Months ago I harped on the miserable state of modern Graphical User Interfaces. Boy are they still ugly. The first steps made by Macs, OS/2's PM and Windows helped us achieve rudimentary visual integration by having programs run together on the same screen at the same time. They were boxed-up in windows, and other than having some common elements and behaviors such as scroll bars, menus and window controls, they all pretty much kept to themselves and defined their own user interface conventions. This tangled mess is going to be a thing of the past, and one of the applications which is going to tug the rest of the industry kicking and screaming is StarOffice.
StarOffice makes Lotus SmartSuite look like a DOS program. This is just my personal opinion, but I happen to think StarOffice kicks ass. What used to be broken up into separate applications (word processor, spreadsheet, database, presentation graphics etc.) is now all neatly integrated -- both visually and functionally. The dream we had with OS/2's Workplace Shell -- a place where you thought of the type of document you wanted to create instead of what program you'd create it with -- is now real and present. It's just unfortunate that StarOffice doesn't use the Workplace Shell as its foundations, but builds its own instead.
With StarOffice, what used to be separate programs (StarWrite, StarCalc, StarDraw and others), have all been blended into one. You don't start StarWrite, you start writing a document. You don't start StarCalc, you just start creating a spreadsheet. Everything is brought together under one frame and one program. It has all the integration of the "Works" packages that were popular in the early 90s, but all the oomph and features you'd expect from an office suite.
Applications need to head into this direction badly, for it's going to make it easier for companies to sell them to the other two-thirds of the world who are still too intimidated by today's complexity to buy a computer. It's going to make it easier for people to use the tools, and as a result it's going to cut down tremendously on user support and training costs.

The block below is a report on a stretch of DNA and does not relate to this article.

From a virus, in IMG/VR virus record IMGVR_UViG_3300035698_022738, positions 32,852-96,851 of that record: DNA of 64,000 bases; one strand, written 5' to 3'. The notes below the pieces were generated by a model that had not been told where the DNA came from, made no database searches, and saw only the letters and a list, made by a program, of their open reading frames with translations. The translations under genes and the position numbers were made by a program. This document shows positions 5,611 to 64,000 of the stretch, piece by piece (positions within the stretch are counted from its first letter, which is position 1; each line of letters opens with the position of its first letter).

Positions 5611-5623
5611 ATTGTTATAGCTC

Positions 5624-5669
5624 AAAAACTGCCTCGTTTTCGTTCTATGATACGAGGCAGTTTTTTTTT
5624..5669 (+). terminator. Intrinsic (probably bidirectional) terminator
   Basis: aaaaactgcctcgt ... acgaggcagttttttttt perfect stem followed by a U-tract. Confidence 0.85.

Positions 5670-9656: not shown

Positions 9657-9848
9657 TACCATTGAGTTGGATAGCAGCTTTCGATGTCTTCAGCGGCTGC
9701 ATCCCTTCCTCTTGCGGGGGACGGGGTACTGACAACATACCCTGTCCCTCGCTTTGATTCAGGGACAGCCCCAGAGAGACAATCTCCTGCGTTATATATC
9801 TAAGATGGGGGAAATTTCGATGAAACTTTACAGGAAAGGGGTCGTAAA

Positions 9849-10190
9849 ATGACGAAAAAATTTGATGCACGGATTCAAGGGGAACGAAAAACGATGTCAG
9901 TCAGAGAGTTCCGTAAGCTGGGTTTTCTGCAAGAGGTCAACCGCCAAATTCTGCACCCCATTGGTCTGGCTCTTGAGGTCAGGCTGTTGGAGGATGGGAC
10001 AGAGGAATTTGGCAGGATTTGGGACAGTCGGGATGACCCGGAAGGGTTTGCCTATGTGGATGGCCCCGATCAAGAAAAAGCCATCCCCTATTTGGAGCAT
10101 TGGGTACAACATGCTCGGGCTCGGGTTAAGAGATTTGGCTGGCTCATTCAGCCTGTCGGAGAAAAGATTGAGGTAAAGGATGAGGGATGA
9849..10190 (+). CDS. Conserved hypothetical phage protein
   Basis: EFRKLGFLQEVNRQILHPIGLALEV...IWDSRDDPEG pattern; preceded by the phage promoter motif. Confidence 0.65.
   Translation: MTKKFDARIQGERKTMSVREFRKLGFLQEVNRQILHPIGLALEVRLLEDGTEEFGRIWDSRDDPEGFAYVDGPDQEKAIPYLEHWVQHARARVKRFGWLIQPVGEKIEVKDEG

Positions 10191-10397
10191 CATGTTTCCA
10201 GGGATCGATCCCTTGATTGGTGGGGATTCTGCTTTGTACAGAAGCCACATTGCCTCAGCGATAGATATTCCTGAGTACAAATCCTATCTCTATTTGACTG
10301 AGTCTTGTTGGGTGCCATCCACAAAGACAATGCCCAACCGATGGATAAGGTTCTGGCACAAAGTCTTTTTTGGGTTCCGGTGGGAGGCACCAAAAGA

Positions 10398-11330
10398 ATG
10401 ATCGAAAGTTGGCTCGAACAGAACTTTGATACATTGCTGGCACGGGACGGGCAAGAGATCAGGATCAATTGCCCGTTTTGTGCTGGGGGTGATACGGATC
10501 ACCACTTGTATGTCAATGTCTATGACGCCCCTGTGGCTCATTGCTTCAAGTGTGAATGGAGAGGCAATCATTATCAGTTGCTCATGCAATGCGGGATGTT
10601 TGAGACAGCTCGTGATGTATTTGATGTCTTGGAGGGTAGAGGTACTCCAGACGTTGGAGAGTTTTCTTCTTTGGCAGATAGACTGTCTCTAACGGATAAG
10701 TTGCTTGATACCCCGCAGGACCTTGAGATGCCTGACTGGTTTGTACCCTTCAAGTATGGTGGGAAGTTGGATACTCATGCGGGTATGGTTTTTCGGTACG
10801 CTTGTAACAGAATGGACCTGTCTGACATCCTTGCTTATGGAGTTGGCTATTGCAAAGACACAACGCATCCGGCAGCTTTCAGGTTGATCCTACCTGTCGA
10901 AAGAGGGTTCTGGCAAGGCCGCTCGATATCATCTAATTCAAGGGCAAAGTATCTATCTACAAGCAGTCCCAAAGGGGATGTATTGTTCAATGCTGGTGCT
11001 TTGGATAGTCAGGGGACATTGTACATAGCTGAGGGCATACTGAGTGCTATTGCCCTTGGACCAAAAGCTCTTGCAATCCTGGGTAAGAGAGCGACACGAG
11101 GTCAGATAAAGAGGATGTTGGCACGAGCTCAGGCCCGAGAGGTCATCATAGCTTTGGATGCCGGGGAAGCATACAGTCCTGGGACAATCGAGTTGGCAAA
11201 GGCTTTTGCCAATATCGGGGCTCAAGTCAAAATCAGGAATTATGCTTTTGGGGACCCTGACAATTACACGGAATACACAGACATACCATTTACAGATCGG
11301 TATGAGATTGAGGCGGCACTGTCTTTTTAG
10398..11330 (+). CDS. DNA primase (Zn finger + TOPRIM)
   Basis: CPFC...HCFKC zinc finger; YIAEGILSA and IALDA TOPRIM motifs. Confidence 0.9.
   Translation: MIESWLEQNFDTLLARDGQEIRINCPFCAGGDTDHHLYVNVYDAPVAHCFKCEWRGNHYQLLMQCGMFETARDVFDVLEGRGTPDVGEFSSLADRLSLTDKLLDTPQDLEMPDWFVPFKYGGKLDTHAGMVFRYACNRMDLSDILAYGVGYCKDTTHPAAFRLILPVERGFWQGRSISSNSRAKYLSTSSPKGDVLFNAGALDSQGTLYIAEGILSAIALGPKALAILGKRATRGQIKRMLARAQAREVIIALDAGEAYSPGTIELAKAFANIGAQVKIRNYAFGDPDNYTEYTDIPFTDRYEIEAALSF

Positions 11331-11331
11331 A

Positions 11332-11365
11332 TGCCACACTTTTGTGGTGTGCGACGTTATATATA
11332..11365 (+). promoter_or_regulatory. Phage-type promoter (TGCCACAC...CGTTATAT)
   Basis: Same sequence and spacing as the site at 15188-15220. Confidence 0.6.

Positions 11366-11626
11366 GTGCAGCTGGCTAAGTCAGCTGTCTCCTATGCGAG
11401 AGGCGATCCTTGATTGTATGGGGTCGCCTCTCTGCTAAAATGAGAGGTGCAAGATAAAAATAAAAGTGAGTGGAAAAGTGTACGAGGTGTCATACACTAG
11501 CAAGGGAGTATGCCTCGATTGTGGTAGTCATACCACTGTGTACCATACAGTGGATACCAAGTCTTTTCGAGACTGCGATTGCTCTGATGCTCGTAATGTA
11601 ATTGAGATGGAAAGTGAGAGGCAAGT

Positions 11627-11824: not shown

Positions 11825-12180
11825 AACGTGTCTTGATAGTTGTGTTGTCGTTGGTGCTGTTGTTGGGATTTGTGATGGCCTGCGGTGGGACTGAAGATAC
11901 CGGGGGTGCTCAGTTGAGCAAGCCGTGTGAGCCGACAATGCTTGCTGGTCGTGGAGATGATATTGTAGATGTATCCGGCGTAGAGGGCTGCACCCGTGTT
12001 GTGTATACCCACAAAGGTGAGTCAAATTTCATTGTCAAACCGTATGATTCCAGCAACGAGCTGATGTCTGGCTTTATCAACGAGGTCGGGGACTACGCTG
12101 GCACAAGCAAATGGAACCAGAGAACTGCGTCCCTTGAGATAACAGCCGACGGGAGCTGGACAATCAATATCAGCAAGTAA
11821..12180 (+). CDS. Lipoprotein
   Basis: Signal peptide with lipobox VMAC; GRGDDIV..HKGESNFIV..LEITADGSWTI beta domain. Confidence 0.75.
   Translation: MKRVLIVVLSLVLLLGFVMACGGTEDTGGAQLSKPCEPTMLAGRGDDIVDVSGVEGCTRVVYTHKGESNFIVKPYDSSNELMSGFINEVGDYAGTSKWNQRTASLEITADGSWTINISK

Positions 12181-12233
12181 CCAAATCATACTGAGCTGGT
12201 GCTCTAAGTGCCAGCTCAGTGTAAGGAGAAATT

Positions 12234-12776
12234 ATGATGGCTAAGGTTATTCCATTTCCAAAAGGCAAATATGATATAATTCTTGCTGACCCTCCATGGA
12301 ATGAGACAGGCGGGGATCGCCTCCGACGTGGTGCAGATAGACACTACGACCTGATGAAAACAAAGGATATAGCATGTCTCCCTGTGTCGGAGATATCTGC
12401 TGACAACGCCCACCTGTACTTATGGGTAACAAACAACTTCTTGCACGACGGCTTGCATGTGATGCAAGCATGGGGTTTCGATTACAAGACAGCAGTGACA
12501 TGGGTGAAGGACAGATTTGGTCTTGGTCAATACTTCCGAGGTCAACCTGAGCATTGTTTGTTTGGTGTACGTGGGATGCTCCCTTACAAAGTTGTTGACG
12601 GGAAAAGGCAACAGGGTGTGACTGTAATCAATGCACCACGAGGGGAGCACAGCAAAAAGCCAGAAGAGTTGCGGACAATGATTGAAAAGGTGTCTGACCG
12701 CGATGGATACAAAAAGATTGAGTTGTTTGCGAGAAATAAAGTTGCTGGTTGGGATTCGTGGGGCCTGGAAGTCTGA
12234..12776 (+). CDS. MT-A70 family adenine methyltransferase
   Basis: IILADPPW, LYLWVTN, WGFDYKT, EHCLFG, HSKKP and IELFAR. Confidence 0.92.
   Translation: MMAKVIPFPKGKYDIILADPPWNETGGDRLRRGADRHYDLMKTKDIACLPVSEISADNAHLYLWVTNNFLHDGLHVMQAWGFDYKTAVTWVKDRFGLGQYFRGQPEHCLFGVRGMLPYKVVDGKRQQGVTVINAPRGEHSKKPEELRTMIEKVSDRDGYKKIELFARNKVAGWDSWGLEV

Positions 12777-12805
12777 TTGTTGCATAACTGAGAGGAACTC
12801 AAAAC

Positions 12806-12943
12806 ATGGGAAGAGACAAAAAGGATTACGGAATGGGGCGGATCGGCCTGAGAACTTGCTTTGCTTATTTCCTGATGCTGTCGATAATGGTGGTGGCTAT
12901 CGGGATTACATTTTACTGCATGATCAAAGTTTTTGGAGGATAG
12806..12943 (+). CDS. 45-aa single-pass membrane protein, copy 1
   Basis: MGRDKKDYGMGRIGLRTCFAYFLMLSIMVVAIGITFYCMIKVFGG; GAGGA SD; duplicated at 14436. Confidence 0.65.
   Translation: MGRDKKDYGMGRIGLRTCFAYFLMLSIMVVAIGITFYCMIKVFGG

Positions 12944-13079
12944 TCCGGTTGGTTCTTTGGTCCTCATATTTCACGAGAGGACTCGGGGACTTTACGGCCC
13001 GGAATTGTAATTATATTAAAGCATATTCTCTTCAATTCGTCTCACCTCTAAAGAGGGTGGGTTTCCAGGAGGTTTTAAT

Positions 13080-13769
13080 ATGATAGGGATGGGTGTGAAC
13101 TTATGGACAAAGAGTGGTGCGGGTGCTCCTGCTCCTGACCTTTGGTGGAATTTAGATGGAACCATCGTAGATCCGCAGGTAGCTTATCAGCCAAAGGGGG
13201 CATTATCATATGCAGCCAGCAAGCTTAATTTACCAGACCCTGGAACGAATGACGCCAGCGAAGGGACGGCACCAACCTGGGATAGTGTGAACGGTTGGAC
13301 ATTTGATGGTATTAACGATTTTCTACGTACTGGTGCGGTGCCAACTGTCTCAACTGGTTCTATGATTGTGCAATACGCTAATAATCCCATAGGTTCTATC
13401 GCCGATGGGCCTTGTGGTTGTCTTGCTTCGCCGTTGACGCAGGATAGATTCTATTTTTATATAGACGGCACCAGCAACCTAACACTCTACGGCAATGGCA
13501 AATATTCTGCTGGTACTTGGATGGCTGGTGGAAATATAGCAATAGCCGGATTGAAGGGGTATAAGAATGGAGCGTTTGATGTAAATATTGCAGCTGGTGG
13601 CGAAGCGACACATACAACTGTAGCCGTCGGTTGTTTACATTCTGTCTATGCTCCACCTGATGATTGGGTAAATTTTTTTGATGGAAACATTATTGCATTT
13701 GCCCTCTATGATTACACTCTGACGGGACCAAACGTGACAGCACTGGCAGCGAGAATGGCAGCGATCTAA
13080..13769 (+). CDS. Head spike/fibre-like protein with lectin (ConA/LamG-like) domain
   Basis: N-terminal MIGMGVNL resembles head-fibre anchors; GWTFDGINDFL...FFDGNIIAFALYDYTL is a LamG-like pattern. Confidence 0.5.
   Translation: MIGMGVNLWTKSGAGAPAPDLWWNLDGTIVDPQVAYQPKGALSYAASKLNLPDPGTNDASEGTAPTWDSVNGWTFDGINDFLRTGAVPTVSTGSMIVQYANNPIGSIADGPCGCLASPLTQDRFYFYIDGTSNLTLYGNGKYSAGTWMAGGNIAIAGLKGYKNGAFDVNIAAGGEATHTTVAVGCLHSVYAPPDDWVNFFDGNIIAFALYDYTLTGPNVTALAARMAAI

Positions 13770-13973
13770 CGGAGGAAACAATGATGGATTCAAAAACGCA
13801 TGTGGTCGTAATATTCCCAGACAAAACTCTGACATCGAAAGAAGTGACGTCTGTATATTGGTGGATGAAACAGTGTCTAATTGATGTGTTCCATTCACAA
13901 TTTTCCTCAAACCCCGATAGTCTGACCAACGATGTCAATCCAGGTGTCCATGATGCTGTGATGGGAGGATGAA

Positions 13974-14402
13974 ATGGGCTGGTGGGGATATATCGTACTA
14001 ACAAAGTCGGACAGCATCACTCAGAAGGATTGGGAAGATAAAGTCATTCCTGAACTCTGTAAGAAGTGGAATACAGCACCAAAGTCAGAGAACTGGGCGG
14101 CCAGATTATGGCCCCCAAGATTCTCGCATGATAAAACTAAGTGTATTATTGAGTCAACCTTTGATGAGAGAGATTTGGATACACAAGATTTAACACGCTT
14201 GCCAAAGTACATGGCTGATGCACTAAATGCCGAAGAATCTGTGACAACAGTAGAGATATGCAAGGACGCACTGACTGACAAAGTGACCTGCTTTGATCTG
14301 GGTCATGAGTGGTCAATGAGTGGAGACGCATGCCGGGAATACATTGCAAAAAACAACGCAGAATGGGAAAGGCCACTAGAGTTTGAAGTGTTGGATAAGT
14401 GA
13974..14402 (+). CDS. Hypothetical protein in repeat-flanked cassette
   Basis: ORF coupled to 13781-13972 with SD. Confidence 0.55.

StarDivision has set the standard by making an example, yet it won't be StarOffice that you'll see running on everybody's computers. What you'll see are modularized applications, built with technologies such as JavaBeans (the one I'm rooting for), and hopefully to a much much lesser degree; Microsoft's DNA (a.k.a. ActiveX, a.k.a. COM, a.k.a. OLE, a.k.a. DDE-on-steroids.)
These technologies will let applications talk to each other, share a common interface as they do in StarOffice, and act as if you were only running one program on your computer instead of five or six.
As OS/2 users we're due to see a lot of this come our way. OS/2 already has the best Java virtual machine available and the commitment of a huge company with staggering resources to keep it alive. Yes, IBM has settled on a platform it intends to use to wipe out Microsoft's Windows dominance with. IBM is comin' atcha like a fist-of-God, with billions of dollars of research, marketing and development -- just like we've been dreaming of. But OS/2 is not that platform -- Java is.
We can already see IBM following the lead that StarOffice is taking. e-Suite from their Lotus division has that kind of integration (although I haven't tried it myself, so excuse me if I stretch my assumptions here just a little bit,) and more importantly it's written in 100% Pure Java.
Microsoft is on its way down. Everything it has been doing lately is a reaction, not an initiative. It's like a tired boxer who keeps his guard up but can't make any punches himself.
Meanwhile, somebody poke somebody at StarDivision in the ribs. I'm tired of these perpetual betas, I want to see this thing ship.
Chris Wenham is a freelance web designer, writer and Englishman who now lives in Endicott, NY. In the past he has written comedy, sci-fi, Pascal, Rexx, HTML and Gibberish. He has been using OS/2 exclusively for the past 2 years.
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